Curried Meatballs

A recent tidy up of my cookery books turned up two Indian books by Anjum Anand which I had hardly read.  Time to put that right I thought, and next thing I was in the butcher´s shop ordering pork mince.

Of course, pork would not typically be a meat used in most Indian curries for religious reasons, but this would be great with any other meat. For a fantastic recipe using minced beef, check out Frugal´s gorgeous Beef Kofta Curry recipe.

As ever, I had to make a few small changes, but not too many. I had no fresh coriander so substituted dried, ground coriander and the same went for fresh ginger. We can get it here, I just didn´t have any to hand and when the craving for curry strikes, you have to go with it!

This recipe is adapted from Indian Food Made Easy.

For the meatballs

  • 300g lamb mince (I used pork)
  • 2 tbsp finely chopped fresh coriander leaves and stalks (I used 1 teaspoon of dried coriander)
  • ¾ tsp garam masala
  • 1 tsp finely chopped ginger (I used ¼ teaspoon of dried)
  • 3 cloves of crushed garlic
  • 1 large egg
  • Salt to taste

For the Curry Sauce

  • 1 medium onion finely chopped
  • Vegetable oil for frying
  • 2 bay leaves
  • 1 small shard of cinnamon
  • 2 ½ medium tomatoes (puréed) – I used 1 ½ cups of my conserva from last summer
  • 800ml water (I used about 300ml)
  • ½ tsp ground turmeric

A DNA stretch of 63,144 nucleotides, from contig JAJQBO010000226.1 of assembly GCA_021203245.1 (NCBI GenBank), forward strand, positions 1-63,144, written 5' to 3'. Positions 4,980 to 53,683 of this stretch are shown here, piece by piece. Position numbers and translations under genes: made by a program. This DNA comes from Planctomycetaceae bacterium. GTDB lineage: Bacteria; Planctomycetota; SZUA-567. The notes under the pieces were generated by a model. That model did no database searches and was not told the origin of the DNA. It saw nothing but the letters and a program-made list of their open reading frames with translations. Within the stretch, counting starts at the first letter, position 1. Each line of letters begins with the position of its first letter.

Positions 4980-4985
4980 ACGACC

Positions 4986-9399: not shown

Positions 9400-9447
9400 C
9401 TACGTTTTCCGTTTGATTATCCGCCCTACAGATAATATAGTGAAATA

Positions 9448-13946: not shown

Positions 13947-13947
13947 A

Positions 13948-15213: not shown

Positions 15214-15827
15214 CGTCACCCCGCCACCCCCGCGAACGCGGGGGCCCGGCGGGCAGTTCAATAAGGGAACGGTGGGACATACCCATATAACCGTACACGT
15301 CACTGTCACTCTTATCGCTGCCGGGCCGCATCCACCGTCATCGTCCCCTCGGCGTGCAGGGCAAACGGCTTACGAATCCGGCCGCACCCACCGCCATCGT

• ¼ – ¾ teaspoon of chili powder (to taste)
  • 2 tsp coriander powder
  • 1 tsp garam masala
  • Salt to taste
  • Chopped coriander

Mix all the ingredients for the meatballs together plus 3 tbs of the onion you have chopped for the sauce.

Heat the oil in a deep pan, add the bay leaves, cinnamon and remaining onion and fry until the onion is golden brown.

Add the tomatoes, ginger and garlic and cook gently for about 8 mins then add 200ml of water and cook until thickened.  Add the spices and salt and any remaining water (I didn´t add much as I continued cooking with a lid on my pan) and simmer. Meanwhile roll the meat into walnut sized balls and drop them into the sauce.

Cover and simmer, turning the meatballs gently half way through, for about 20 minutes. Add the coriander and serve with rice, naan bread, popadums…however you like.

We ate ours with my Sort of Saag Aloo made with the first of our spinach which is now ready to eat.

…and a cool and creamy raita (I´ll give you that easy recipe another time)…

This was a warm but not too hot curry with the lovely flavours of cinnamon and ginger, definitely one to make again.

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67 thoughts on “Curried Meatballs

    1. I used to eat “blow your head off” curries, now I have learned to appreciate flavours too! The spinach is lovely – very tender and the chard is being picked too. We´re really enjoying them!

  1. I thought it was beef that wasn’t used in Indian cookery for religious reasons? Well, I guess it depends on the region you’re in I guess as some areas are predominantly one religion while other areas something else.

    I love pork meatballs though – they seem so much lighter than beef ones and you can’t beat a lovely tomato-based curry sauce, with plenty of coriander! Yummy 🙂

    1. You´re right – pork and beef and excluded in different areas depending if they are Hindu or Muslim. The meat balls were really light and as they were braised in the sauce and not fried or baked first, they stayed that way!